New Providence Presbyterian Church - Maryville, TN
Monday, April 24, 2017
Youth E-news Articles
You Are What You Eat
Focus Scripture – Leviticus 1-2
This Sunday in our senior high Sunday school class, we talked about food as spiritual practice. We all know about the importance of food in communion, but what we focused on was how our everyday meals can be something that affects our faith, and how we interact with others.
In this week’s lesson, Sara Miles talks about how the extreme ends of the food spectrum each have their own challenges. To be always struggling to find food, always wondering where you will find your next meal, is, “bad for the soul” Sara tells us. The constant struggle to stave of hunger leaves time for little else, and those of us who have never experienced that (except maybe a semester of college) find it hard to understand just how taxing that can be. Conversely, the ever growing obsession with local, farm-to-table, pesticide free, non gmo, craft brewed, micro distilled, hydroponically grown first world food can be equally trying, but for different reasons. When food becomes so narrow, so elite, it becomes exclusionary. It becomes a way to tell who belongs to your group, and who doesn’t. “Oh, you don’t know about the new antibiotic free, organic grass fed, natural death only, Feng shui designed hamburger restaurant Peace of Meat? Well, you just have to go. They have an urban foraged black truffle and humanely sourced dark chocolate milkshake that will just knock your socks off” Food becomes a way to keep people apart, rather than bring people together.
In Leviticus, we read some of the Jewish laws about food, and some of them can seem a little strange. Why can’t they eat hares? Or rock badgers? If they touch a pig, it really makes them unclean until sundown? These rules, written for a minority group struggling to maintain their identity, served their intended purpose of community cohesiveness back then, but in the New Testament, we see that perhaps they have run their course. Jesus routinely shared meals with people who were unclean, and in the book of Mark, we even see him declare all foods clean. “14 Then he called the crowd again and said to them, “Listen to me, all of you, and understand: 15 there is nothing outside a person that by going in can defile, but the things that come out are what defile. Mark 7:14-15.”
Food should bring us together, not tear us apart, it should build us up and not break us down. Take a minute to think about the best meal memories you have. Are they more about the food you ate, or the people with whom you shared it? Think about any times where food has been a barrier to relationship building, or when it has been something that brought people together. We all need to eat, and it’s something that many of us take for granted, but spend some time this week thinking about how food could be spiritual practice for you.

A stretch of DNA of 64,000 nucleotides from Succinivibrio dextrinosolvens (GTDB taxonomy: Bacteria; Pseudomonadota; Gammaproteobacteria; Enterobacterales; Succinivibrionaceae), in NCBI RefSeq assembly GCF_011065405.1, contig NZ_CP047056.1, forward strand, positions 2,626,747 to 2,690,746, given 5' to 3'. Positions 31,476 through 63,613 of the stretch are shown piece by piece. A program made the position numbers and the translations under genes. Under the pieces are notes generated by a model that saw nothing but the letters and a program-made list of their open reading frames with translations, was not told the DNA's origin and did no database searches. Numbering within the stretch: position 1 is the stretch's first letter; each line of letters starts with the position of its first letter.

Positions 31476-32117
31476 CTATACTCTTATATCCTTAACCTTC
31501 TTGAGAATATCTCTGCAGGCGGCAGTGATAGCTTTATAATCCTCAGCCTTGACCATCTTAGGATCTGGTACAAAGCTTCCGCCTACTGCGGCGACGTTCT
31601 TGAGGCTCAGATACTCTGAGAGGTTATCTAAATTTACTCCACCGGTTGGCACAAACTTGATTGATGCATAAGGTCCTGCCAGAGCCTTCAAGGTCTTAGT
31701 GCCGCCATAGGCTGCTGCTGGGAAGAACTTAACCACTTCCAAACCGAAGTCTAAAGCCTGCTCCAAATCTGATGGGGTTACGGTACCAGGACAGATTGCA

The First Couple
Focus Scripture – Genesis 1-2
This week, our Junior High Sunday school class began their summer curriculum, Reform: Ancestors. This curriculum focuses on the characters of the Old Testament, and how they weave into the story of God’s people. And, as there is no better place to start than the beginning, this week we started with Adam and Eve.
The creation story is one we hear often, but one that carries many important lessons. In the curriculum for this week, we focus on three different aspects of the story: rules, names, and blame. Adam and Eve had one rule, just one, a rule that was supposed to give them freedom and keep them safe, but they found themselves unable to follow that rule. The students were asked what their one rule would be for certain situations. They were asked what their one home rule would be, or their one school rule would be, and what it would be like if everyone followed that one rule. Sometimes, especially as teenagers, it can seem as if there are a thousand rules to follow, and half of them are a secret until you break them. What would it be like to only have one rule, and could we maybe get to all the other rules from the Golden Rule?
Names become an important topic in this scripture as well. God names Adam and Eve, but then allows them to name everything else. Adam means man of the earth, and Eve means life, what does your name mean? Do you think that the meaning of your name has an impact on how you view yourself? Students were asked to come up with alternate names for objects in the room, and then talk about how the name of a thing can affect the perception of a thing.
And lastly we talk about blame. We humans are always so concerned with blame, whether it be finding somewhere to place blame, or seeking to avoid it ourselves. In the creation story, we see Adam and Eve both try to shirk the blame of breaking their one rule. Why do you think Adam and Eve tried to pass the blame? Why do you think it is so hard for us to accept the blame when we mess up? We are quick to take responsibility for the good we do, but loathe to accept the bad. God, however, ultimately knows our sins whether we admit them or not, and loves us the same. For Adam and Eve, there were consequences for their actions, but God clothes them before he sends them into the wilderness. God knows that creation is not perfect, but loves us nonetheless.